Energia’s Onega, meanwhile, is to be launched from Plesetsk. This has the same basic Soyuz configuration, but with an increased-diameter core and third stages to carry more fuel. The core uses the RD-191 engine, while its third stage employs the new RD-140E liquid-oxygen/liquid-hydrogen engine developed by Khimavtomatiki, based in Voronezh. The Onega’s strap-on rockets will use liquid oxygen/kerosene RD-120.10F engines, modified versions of the Zenit’s second-stage engine.

While these new launchers remain in development, commercial joint ventures are offering launches using the existing boosters. Proton launches are marketed by International Launch Services (ILS), a joint venture between Krunichev and Lockheed Martin, while Soyuz launches are offered by Starsem, a joint venture between Arianespace, EADS, FSA and Samara. ILS offers the Proton, with Breeze-M upper stage, alongside Lockheed’s Atlas family, and plans to expand its range by adding the Angara.

Another joint venture is Sea Launch, formed in April 1995 by Boeing, Energia, Ukraine’s Yuzhmash and Yuzhnoye companies and Norwegian shipbuilder Kvaerner. Sea Launch uses a converted North Sea oil rig as an equatorial launch pad for the three-stage Yuzhnoye-made Zenit-3SL. This is being followed up by Land Launch, using the Zenit launch infrastructure at Baikonur.

Land Launch’s Zenit-3SLB vehicle will carry payloads up to 3.5t to geosynchronous transfer orbit. Its first launch is scheduled for 2007.

Space Kliper

Russia is also increasingly engaged in inter-government co-operation. A major focus of these efforts is Energia’s proposed Kliper six-crew reusable space vehicle, which could stay in orbit for 15 days. It could also remain attached to the ISS as an escape vehicle for a year. There are two versions, one with wings and one without, but there has been no decision yet on which will be developed. The target date for an unmanned maiden flight is 2011 and 2012 for a manned flight.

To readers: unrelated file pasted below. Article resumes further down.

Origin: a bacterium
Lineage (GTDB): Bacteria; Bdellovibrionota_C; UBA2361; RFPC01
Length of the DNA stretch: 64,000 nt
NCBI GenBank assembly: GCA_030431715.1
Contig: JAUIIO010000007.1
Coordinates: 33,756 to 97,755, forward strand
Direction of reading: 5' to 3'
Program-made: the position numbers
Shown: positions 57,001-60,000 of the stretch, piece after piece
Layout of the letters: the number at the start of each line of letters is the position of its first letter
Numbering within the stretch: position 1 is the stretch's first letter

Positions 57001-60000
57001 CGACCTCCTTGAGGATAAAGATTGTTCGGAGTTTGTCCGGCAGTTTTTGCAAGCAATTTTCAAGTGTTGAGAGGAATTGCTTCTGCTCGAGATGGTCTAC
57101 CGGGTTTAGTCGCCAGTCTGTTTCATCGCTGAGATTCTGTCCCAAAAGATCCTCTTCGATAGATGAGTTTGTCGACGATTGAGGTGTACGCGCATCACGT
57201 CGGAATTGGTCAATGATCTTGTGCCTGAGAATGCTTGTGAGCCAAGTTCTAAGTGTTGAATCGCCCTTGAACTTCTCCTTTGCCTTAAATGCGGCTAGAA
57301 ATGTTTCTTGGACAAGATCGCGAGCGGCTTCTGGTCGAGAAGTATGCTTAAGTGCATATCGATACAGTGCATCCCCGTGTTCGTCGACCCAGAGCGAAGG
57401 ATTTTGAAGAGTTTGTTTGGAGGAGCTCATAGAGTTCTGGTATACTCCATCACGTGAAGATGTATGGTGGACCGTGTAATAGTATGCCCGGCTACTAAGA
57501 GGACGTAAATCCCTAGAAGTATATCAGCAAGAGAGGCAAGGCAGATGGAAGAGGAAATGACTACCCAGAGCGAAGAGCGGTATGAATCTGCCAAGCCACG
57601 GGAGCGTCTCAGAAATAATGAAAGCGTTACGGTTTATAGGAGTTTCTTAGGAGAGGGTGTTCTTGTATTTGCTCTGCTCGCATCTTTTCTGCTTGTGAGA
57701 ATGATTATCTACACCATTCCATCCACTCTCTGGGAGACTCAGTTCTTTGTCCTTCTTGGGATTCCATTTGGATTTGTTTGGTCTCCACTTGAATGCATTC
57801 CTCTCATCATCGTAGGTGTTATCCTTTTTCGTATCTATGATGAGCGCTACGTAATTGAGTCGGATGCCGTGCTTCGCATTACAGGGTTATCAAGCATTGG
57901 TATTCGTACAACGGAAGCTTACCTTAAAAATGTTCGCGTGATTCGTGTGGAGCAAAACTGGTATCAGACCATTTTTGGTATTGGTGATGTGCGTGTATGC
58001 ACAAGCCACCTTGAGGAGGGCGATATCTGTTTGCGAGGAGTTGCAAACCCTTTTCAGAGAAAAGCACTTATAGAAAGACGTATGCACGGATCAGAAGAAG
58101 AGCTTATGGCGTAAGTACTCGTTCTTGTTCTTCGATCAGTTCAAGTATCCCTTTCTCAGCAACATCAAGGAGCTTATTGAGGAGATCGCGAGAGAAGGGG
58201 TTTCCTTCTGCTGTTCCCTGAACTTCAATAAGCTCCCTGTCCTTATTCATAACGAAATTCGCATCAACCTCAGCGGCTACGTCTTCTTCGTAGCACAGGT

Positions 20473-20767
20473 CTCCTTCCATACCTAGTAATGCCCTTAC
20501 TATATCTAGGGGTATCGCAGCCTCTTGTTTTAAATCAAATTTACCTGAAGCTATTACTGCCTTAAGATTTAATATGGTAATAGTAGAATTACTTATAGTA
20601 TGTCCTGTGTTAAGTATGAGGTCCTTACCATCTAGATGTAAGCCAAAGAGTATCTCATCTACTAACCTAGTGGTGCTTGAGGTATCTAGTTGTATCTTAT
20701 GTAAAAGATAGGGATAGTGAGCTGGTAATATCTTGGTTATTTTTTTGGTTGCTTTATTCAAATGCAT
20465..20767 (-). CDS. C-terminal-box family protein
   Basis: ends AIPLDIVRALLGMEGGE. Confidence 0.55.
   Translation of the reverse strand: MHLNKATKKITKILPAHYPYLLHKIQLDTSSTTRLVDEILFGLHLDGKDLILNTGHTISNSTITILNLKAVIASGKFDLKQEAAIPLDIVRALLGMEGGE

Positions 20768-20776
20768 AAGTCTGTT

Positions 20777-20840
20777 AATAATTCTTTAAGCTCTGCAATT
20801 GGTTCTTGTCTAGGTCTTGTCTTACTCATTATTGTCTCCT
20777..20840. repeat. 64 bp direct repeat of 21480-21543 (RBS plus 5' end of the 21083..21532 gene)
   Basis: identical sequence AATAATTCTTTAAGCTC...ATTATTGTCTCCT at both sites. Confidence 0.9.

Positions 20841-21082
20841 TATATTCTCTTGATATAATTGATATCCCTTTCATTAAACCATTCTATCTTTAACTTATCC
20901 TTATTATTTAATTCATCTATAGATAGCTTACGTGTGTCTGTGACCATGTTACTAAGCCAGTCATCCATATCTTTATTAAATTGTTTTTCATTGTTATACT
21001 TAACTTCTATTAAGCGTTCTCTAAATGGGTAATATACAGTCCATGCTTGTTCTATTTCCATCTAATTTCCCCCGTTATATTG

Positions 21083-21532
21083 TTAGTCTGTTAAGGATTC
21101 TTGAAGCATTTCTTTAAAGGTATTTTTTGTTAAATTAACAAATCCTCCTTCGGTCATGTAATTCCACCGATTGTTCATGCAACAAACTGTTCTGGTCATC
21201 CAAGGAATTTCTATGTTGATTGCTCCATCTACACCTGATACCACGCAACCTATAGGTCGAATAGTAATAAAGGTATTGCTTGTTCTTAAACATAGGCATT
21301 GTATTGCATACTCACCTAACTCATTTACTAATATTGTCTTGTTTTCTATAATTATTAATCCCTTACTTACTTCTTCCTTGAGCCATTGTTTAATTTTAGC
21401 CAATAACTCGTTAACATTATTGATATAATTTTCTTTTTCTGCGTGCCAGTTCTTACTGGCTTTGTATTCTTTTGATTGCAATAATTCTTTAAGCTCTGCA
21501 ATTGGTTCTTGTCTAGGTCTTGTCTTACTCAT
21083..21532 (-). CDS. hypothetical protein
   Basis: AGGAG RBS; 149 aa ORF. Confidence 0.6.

Now that Kliper is an official part of the space programme, the European Space Agency is expected to agree to join Russia in an initial two-year study project (Flight International, 28 June–4 July). Kliper could even launch from ESA’s French Guiana spaceport. If ESA decides to go ahead, Perminov has said the Paris-based agency’s industrial partners could provide control systems and cabin, while Russia’s industry produces engines and airframe, with the wing possibly coming from Sukhoi.

But Kliper would only be one part of the co-operation between the FSA and ESA, which have signed wide-ranging exploration and framework agreements. The European Union and the Russian government have also signed a major co-operation agreement on space including technology development, use of the ISS and future transportation systems. Interoperability between Galileo and Glonass is also expected.

Since the end of the Soviet Union, Russia has also had to deal with Kazakhstan through normal diplomatic channels. On 25 May the Russian parliament ratified an agreement with the country for the continued use of Baikonur, and construction of the Baiterek launch complex for the new Angara launch vehicle.

Other countries Russia has space deals with include Brazil, China, Egypt, Iran, Malayasia and Saudi Arabia, but perhaps the most profitable co-operation the Russians could have is with the USA. NASA’s continuing problems with the Space Shuttle mean that Russia is the only country that can reliably provide supplies and crew to the ISS (Flight International, 2-8 August).

Space tourism is another potential revenue stream: the world’s third space tourist, US businessman Greg Olsen, will fly to the ISS in October on a 10-day trip. Such services will help Russia’s plans beyond the space station. But it is not clear whether Russia has the resources to do everything it wants to.

Russian pride

Whatever the choices made, there is a great deal of pride within Russia regarding the achievements of its space programme. With a low cost base, a well-educated and well-trained workforce and proven technology, the Russian industry is poised to make substantial gains.

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Source: Flight International